Welcome to the Plumwood Mountain journal submissions page

Here you can submit poems to Plumwood Mountain: An Australian and International Journal of Ecopoetry and Ecopoetics. We welcome submissions of unpublished poems and translations of poems. We are particularly interested in publishing new and emerging, as well as established poets.

The submissions window for ‘Embodied Belonging: Towards an Ecopoetic Lyric’ is open from 30 June to 11 August. All submissions are read anonymously by the editor(s). 


Guidelines:

  • You may submit up to 3 previously unpublished poems in a single Word document in Times New Roman, with 1.5 spacing.
  • Poems may be no longer than 50 lines.
  • Submissions are read anonymously, so please do not include your name in the Word document.
  • We accept simultaneous submissions and ask that you withdraw your submission if your poem is accepted elsewhere.
  • We will notify poets within 4 weeks of the submission closing date.

What is generally understood by the term ‘lyric poetry’? The prominent lyric theorist Jonathan Culler, proposes that lyric poetry is seen as the expression of a single consciousness in figurative language and usually takes the form of a short poem voicing personal feeling.[i] If that is the case, what might an ‘ecopoetic lyric’ look like? Tom Bristow, writing on the ‘Anthropocene lyric’, believes that ecopoetry should distance itself from anthropomorphic descriptions of nature and integrate conceptions of humanity’s impacts on the planet.[ii]

For this edition we ask: how can we draw upon the properties of lyricism to enact an ecocentric form of poetry? Can lyric poetry promote connection between human and more-than-human worlds in a form of networked and embodied belonging? And, in what ways can lyric poetry, a subjective form of poetic expression, raise awareness of anthropogenic devastations upon ecologies?

Lyric poetry evokes a sense of musicality via the aural nature of language. Like a song, lyric poetry, particularly as it is housed within the contemporary poetic line, works with the breath. The line length denotes a pause in the performance of the lyric poem and holds the reader in an abeyance of breath. The qualities of voice, breath and sound, suggests that lyric has a relationship to the speaking, listening and feeling human body. An ecopoetic lyric attuned to the corporeality of the feeling, sensing body could offer a replication of how we experience and live within the environment and perhaps, writing which captures a bodily immersion in nature via the sensuality of language has the potential to activate connection between the reader and the more-than-human world.

Lyric poetry also expresses movement through time. Whether it is performed through spoken word or accessed via the page, the process of reader reception imbues the poem with a sense of temporality. It inaugurates the audience into the act of reading, which creates an aesthetic experience. Lyric articulates via the effects of language and image, a moment in time and the moment of reading.

The sensual effects of language can be employed to engage and connect readers to the natural world. Artistic artefacts can generate the enjoyment and connection that arises from time in nature. There are qualities of lyric poetry which perhaps can harness this idea of pleasure within poetic human experiences of the more-than-human world and redefine human orientations to that world.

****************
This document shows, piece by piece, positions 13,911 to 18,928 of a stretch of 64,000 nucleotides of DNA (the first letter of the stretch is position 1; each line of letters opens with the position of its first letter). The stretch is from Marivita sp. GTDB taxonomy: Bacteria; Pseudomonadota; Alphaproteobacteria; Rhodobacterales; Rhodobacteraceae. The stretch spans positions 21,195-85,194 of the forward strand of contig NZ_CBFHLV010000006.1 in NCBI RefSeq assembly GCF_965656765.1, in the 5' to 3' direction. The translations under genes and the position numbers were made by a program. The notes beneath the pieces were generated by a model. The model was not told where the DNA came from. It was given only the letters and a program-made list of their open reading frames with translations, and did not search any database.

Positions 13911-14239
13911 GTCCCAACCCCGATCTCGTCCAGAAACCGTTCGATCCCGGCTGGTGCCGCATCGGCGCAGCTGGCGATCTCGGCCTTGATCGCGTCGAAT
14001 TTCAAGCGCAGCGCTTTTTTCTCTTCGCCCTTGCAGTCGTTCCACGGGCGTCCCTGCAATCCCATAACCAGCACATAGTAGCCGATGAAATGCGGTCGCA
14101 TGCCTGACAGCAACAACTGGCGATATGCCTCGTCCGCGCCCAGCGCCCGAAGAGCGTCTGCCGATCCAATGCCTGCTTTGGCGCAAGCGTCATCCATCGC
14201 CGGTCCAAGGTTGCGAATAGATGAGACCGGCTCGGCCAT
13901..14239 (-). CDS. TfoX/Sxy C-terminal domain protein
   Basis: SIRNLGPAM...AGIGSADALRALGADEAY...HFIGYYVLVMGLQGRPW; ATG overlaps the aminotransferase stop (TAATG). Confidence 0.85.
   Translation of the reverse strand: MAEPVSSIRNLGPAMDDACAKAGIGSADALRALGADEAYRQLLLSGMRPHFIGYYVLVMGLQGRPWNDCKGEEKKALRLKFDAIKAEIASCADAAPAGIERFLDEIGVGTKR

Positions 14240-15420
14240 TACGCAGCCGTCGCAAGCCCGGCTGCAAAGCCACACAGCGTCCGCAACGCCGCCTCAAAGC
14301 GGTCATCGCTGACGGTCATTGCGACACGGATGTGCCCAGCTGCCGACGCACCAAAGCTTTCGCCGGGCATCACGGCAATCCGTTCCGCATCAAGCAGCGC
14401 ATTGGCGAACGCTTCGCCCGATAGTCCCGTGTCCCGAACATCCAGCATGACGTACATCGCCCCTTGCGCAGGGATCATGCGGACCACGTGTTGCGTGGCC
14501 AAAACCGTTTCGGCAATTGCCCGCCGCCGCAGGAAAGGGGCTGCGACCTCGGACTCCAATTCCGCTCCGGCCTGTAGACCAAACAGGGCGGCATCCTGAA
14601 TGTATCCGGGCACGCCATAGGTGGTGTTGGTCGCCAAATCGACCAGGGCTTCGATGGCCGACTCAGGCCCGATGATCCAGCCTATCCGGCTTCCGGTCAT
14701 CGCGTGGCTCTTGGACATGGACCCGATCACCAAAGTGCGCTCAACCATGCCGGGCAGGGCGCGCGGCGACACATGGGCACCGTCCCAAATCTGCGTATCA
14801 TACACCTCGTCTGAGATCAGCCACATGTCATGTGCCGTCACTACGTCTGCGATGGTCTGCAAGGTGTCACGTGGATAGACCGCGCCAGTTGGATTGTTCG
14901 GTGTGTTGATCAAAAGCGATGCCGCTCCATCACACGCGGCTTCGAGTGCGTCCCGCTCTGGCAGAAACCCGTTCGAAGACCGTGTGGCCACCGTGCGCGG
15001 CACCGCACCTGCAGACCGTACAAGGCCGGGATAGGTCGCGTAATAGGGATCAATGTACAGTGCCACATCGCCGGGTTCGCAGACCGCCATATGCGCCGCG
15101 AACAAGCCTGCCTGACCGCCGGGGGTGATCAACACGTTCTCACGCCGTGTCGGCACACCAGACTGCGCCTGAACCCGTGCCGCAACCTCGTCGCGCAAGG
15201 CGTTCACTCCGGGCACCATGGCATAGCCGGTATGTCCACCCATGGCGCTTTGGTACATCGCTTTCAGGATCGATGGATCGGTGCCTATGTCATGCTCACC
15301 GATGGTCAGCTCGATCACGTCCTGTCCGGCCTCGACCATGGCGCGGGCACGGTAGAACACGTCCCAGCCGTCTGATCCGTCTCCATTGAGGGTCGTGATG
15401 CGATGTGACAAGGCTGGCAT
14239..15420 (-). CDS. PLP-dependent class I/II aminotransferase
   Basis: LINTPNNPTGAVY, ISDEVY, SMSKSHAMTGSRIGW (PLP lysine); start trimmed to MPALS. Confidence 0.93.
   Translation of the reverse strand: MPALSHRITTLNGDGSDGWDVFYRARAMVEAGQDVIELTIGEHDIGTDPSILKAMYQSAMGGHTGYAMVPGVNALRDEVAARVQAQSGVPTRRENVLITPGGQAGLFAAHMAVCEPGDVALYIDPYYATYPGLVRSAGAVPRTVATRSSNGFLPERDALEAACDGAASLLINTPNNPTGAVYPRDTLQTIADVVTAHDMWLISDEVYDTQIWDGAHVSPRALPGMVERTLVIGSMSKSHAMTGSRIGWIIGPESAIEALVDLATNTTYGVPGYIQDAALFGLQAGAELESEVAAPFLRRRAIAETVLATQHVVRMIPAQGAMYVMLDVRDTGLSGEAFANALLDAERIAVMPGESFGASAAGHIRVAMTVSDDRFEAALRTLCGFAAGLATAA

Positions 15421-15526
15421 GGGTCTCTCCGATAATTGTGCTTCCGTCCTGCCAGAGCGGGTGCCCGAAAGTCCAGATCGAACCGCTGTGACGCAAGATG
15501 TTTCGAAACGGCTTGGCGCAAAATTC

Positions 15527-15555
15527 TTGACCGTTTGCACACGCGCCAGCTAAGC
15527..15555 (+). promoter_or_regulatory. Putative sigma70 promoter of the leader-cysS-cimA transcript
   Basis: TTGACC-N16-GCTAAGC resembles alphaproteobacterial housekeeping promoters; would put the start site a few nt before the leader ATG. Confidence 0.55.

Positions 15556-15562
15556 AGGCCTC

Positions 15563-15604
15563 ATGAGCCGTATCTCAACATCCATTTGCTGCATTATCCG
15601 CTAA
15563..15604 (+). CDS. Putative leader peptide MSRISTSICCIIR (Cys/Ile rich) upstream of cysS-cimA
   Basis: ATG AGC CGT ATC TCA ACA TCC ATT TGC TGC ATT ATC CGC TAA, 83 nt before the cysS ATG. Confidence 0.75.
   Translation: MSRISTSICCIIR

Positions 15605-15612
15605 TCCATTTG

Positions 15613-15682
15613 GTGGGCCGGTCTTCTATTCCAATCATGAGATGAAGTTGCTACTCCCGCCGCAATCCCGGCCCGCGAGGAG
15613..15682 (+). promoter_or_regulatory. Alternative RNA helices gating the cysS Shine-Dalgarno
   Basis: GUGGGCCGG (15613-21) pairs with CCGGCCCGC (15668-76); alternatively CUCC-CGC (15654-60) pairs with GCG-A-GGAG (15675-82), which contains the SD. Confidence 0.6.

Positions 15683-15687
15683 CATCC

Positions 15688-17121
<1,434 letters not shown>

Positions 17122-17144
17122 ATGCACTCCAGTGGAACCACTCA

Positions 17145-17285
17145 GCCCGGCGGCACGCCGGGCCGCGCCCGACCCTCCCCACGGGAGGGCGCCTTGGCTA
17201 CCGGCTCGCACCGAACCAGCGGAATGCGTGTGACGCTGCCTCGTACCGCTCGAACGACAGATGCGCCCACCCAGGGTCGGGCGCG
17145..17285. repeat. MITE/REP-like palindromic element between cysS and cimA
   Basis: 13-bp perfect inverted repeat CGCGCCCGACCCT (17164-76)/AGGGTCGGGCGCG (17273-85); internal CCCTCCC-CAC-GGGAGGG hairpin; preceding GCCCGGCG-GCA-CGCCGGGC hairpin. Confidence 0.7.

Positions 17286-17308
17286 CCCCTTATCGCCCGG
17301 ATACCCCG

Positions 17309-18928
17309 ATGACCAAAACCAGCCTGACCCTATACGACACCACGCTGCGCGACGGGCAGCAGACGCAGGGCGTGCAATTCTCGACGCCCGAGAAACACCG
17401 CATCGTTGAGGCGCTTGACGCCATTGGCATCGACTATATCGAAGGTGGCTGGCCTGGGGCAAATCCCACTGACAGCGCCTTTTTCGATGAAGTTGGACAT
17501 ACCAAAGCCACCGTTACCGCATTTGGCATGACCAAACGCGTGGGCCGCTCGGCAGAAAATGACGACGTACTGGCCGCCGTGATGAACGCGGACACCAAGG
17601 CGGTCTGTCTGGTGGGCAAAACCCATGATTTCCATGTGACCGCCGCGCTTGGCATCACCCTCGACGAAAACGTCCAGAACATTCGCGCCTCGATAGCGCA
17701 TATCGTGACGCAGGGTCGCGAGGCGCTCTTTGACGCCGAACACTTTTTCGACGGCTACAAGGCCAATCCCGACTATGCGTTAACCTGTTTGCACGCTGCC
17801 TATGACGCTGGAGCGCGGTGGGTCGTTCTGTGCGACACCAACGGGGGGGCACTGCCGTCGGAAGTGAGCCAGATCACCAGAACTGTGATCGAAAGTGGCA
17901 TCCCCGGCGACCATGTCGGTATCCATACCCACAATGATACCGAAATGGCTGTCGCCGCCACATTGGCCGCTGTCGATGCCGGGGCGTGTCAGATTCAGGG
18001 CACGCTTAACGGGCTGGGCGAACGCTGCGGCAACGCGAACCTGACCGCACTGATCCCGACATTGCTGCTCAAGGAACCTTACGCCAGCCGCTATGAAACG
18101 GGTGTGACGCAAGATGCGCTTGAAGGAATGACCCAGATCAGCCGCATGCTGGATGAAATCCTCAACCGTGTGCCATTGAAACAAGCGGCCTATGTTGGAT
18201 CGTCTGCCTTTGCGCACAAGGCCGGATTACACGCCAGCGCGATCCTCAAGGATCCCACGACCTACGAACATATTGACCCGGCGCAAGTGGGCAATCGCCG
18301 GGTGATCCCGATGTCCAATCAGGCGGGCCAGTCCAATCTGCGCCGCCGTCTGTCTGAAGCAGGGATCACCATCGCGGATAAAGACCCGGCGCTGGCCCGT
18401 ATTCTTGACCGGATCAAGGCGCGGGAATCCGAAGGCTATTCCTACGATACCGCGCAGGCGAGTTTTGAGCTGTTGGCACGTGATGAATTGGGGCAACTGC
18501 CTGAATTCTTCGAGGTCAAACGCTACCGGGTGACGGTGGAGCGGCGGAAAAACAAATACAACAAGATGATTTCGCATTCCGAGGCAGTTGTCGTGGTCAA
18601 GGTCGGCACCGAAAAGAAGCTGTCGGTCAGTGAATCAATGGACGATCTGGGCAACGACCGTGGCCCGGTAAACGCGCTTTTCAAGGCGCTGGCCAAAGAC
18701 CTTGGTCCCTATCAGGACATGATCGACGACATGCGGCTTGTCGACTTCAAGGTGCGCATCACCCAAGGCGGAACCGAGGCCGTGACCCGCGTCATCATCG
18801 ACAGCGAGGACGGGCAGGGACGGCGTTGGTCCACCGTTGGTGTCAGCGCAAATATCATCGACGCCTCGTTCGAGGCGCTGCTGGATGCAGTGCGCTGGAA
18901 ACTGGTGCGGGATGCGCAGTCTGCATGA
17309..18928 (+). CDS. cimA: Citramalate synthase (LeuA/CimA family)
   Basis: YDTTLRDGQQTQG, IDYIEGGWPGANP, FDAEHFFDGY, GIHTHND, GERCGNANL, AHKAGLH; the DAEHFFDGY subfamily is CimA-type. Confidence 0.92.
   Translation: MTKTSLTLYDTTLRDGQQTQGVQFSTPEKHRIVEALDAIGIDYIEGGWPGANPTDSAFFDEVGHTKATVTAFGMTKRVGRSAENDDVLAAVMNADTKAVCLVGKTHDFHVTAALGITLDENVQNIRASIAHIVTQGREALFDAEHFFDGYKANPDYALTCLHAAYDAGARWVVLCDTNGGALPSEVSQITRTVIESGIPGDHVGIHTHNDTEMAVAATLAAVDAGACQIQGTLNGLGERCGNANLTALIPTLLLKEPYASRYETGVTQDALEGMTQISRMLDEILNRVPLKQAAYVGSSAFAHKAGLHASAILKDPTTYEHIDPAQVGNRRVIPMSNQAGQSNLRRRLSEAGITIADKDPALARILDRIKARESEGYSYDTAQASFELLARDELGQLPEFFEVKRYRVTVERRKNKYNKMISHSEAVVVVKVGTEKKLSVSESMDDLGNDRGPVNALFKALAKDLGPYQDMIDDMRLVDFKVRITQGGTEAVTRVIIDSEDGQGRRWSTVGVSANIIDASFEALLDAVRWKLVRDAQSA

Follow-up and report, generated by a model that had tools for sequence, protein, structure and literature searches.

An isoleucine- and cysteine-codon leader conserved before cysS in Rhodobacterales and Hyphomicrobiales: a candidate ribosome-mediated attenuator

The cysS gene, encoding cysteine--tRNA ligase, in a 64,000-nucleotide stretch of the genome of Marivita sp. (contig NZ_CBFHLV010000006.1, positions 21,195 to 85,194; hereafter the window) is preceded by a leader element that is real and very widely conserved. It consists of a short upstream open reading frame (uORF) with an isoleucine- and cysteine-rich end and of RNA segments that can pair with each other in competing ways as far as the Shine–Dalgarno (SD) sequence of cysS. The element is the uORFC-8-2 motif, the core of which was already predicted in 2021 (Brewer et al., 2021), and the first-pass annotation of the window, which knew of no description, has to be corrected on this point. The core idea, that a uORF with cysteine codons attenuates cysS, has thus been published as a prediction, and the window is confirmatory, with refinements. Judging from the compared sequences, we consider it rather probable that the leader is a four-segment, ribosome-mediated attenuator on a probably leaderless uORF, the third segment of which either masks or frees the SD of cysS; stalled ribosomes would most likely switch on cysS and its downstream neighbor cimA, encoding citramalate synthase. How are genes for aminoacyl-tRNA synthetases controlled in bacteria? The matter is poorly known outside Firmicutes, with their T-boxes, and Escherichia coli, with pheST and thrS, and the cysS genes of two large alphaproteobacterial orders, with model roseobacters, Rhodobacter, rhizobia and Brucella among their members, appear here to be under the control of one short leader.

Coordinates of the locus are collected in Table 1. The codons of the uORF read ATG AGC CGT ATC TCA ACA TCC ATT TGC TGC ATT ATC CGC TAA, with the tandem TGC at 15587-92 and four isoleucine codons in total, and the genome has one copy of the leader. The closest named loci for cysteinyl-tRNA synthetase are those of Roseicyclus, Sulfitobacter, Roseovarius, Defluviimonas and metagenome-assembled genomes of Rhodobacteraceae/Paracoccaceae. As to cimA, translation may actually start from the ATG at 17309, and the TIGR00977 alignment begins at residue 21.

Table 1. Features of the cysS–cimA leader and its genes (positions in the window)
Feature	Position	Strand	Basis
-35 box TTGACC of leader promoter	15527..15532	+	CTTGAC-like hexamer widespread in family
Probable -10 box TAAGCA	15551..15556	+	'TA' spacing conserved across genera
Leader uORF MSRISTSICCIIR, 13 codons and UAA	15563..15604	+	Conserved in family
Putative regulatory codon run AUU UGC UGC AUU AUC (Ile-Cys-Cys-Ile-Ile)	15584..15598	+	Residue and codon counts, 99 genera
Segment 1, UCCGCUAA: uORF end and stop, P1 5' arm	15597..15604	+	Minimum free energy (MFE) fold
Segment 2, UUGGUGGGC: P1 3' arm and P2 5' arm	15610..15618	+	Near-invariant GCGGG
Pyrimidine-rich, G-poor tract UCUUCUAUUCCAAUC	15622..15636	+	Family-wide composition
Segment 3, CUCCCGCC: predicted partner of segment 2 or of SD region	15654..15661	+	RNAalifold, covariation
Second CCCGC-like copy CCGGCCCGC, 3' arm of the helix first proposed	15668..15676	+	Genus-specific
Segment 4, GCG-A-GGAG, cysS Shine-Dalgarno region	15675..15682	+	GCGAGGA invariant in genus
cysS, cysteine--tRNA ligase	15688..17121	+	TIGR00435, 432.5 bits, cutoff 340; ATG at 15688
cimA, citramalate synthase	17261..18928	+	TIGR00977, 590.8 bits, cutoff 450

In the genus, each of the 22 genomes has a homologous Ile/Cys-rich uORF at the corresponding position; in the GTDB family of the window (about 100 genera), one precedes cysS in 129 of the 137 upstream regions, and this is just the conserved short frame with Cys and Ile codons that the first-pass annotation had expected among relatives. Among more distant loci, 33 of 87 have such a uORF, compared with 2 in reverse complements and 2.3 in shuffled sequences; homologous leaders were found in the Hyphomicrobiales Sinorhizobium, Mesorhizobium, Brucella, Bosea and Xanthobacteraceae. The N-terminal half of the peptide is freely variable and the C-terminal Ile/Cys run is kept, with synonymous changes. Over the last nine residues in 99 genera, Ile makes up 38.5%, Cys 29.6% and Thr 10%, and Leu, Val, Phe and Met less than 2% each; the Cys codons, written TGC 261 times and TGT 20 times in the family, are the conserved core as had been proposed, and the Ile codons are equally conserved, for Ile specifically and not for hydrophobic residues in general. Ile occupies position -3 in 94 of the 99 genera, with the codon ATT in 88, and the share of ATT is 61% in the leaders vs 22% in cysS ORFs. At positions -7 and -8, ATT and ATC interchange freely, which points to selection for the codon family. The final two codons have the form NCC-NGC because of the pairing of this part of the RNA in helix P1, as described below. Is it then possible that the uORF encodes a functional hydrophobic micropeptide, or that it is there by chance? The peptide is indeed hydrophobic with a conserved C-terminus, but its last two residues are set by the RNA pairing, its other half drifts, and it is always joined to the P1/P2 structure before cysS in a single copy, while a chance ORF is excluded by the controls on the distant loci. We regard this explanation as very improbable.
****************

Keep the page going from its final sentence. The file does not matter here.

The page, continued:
Further, how do we understand the idea of the self, speaking through the lyric poem? The deep-ecologist thinker, Arne Naess discusses the possibility for an ecological self, one that is relational and open to otherness.[iii] His notion of an ecological self aims to open the boundaries of human consciousness to include environmental systems. Could the speaker of a lyrical ecopoetic enact an ecological self?  Or, is it possible for an ecopoetic lyric to explore and enlarge the concept of an inner consciousness to encompass an expansive, inclusive environmental consciousness: the voices of plants, animals, ecosystems and planetary systems?

The sensual and emotive effects of language, the act of reading and reception upon the senses and the body, the unfolding effects of time, expansive ideas of subjectivity; these are all powerful effects within lyric that can be harnessed to foster eco-aware connections.

We invite writers to submit poetry that explores how lyric can become generative and performative within exchanges of intersubjectivity between environment, poet, text and reader. We are equally interested in innovative poetry which radically explores concepts of subjectivity to test the limits of lyric poetry. We invite poetry submissions that address the complex operations of ecopoetic lyricism, that contain poetic expressions of ecological being, and that elicit consciousness orientated towards deep-ecological care and sustainability.

This call for submissions has been prepared by Sophie Finlay, Poet and Visual Artist on behalf of Plumwood Mountain journal.


Notes

[i] Jonathan Culler, “Reading Lyric”, Yale French Studies: The Lesson of Paul de Man, no. 69 (1985): 98-106.

[ii] Tom Bristow, The Anthropocene Lyric (Basingstoke: Palgrave Macmillan, 2015), 15.

[iii] Arne Naess, Self-Realization: An Ecological Approach to Being in the World, (Murdoch: Murdoch University, 1984), 5.


Submission Guidelines

  • You may submit up to 3 previously unpublished poems in a single Word document in Times New Roman, with 1.5 spacing.
  • Poems may be no longer than 50 lines.
  • Submissions are read anonymously, so please do not include your name in the Word document.
  • We accept simultaneous submissions and ask that you withdraw your submission if your poem is accepted elsewhere.
  • We will notify poets within 4 weeks of the submission closing date.
Plumwood Mountain